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Rising Sun in the New West

By Richard Rosecrance

Considering the rise of China, will Japan join a new West? The answer is likely to be “Yes.”

In the past Japan was a leader in charting new strategic choices for the world. In the late 19th century, Japan emerged from the Industrial Revolution and elected a military course, attacking China and then Russia. Later she expanded geographically into Manchuria and China, and took on the United States of America as well in World War II. In both cases other powers followed in her wake.

After the world economy was reestablished, Japan took the lead in fashioning an opposite strategy: that of the “trading state.” Eschewing militarism, she set a new pathway for the recalcitrant superpowers, Russia and America.

Today the rise of China and Japan’s increasing political and economic success denominate her as a member of the New West. The New West is like the European Union; it is open to new members but not by means of coercion or military pressure. Instead of colonization, the New West is looking for democratic states which have succeeded economically, like those in the Organization for Economic Cooperation and Development (OECD)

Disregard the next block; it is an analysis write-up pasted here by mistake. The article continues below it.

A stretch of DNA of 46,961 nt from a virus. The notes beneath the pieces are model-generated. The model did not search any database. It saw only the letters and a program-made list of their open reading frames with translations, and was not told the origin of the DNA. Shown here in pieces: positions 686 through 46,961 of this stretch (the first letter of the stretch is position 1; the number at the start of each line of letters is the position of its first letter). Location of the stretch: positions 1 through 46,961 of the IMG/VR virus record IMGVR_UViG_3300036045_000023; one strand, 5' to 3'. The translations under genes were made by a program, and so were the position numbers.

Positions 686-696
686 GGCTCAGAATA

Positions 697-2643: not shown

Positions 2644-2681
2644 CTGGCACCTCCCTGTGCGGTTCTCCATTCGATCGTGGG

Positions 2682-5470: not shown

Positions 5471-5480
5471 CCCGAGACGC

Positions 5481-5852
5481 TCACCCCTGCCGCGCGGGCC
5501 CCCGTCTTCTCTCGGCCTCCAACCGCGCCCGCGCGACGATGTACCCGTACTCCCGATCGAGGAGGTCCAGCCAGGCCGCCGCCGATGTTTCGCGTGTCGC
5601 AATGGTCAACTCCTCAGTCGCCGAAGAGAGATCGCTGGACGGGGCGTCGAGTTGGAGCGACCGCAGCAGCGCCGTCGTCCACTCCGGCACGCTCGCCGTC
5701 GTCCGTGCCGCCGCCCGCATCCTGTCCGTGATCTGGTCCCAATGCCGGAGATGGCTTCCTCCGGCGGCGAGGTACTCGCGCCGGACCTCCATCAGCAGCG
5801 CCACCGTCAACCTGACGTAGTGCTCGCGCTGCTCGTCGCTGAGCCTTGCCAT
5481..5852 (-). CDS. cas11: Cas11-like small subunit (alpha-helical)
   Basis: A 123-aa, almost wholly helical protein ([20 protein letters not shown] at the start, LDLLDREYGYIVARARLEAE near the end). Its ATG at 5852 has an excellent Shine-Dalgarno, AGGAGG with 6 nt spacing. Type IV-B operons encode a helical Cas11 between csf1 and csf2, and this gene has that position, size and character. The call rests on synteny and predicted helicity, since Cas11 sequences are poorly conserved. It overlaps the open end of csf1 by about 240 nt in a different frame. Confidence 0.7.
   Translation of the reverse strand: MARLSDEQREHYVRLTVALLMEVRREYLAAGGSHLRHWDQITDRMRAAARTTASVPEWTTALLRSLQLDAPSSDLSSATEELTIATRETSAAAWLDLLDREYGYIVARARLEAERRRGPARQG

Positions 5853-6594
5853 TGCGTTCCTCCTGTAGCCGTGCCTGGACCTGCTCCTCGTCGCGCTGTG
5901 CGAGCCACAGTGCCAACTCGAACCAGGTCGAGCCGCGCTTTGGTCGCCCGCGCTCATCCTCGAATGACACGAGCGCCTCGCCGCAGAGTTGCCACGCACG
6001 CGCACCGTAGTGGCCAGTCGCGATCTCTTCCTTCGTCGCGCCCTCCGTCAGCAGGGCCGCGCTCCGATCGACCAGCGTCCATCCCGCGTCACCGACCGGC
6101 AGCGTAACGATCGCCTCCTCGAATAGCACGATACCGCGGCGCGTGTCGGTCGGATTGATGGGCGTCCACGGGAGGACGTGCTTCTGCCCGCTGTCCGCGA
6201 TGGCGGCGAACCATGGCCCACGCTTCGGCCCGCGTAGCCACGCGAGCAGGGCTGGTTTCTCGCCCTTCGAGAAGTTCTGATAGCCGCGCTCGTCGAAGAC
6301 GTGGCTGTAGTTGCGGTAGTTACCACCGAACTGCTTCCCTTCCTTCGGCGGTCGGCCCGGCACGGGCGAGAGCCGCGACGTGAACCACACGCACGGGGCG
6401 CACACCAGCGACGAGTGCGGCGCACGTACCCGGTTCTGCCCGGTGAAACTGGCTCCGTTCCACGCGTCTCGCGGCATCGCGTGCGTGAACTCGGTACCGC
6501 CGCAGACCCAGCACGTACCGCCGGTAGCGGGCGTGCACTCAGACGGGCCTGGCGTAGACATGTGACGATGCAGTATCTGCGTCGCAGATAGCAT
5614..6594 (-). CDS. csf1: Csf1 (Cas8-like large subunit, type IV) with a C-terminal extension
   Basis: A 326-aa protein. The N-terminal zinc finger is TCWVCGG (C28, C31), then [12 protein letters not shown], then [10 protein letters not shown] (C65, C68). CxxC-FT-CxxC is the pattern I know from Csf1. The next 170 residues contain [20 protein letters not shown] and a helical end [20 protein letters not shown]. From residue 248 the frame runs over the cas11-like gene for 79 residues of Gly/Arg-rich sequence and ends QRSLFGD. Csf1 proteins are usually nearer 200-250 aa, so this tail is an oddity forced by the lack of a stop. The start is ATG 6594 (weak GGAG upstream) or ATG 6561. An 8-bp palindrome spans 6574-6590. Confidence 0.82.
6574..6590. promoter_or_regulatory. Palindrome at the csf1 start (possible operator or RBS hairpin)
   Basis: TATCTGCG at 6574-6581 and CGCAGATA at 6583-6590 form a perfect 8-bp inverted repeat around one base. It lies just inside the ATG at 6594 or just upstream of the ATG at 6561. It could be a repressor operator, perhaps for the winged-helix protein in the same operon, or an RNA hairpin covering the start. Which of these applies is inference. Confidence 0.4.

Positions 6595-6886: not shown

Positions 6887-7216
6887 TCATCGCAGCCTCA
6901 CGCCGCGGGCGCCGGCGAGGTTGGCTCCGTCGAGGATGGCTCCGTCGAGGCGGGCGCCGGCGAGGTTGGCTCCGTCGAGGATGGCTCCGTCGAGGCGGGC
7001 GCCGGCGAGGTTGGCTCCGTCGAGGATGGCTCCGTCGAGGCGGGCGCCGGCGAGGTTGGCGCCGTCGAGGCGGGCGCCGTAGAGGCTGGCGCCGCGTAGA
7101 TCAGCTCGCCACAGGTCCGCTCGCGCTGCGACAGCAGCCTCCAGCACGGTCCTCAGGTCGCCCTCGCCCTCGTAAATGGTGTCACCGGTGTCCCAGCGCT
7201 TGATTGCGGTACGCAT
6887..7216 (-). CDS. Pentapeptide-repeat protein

Japan can join because of new developments in her own governance. Partly owing to the triumph of the Democratic Party of Japan (DPJ), but also because of a new course by the LDP, Japan has undertaken broader responsibilities in her military relation with Washington. She has taken military roles in the area surrounding Japan including in 2004 a commitment to fight alongside the United States in a military crisis.

Second, she has begun to reinterpret her obl Continue reading >

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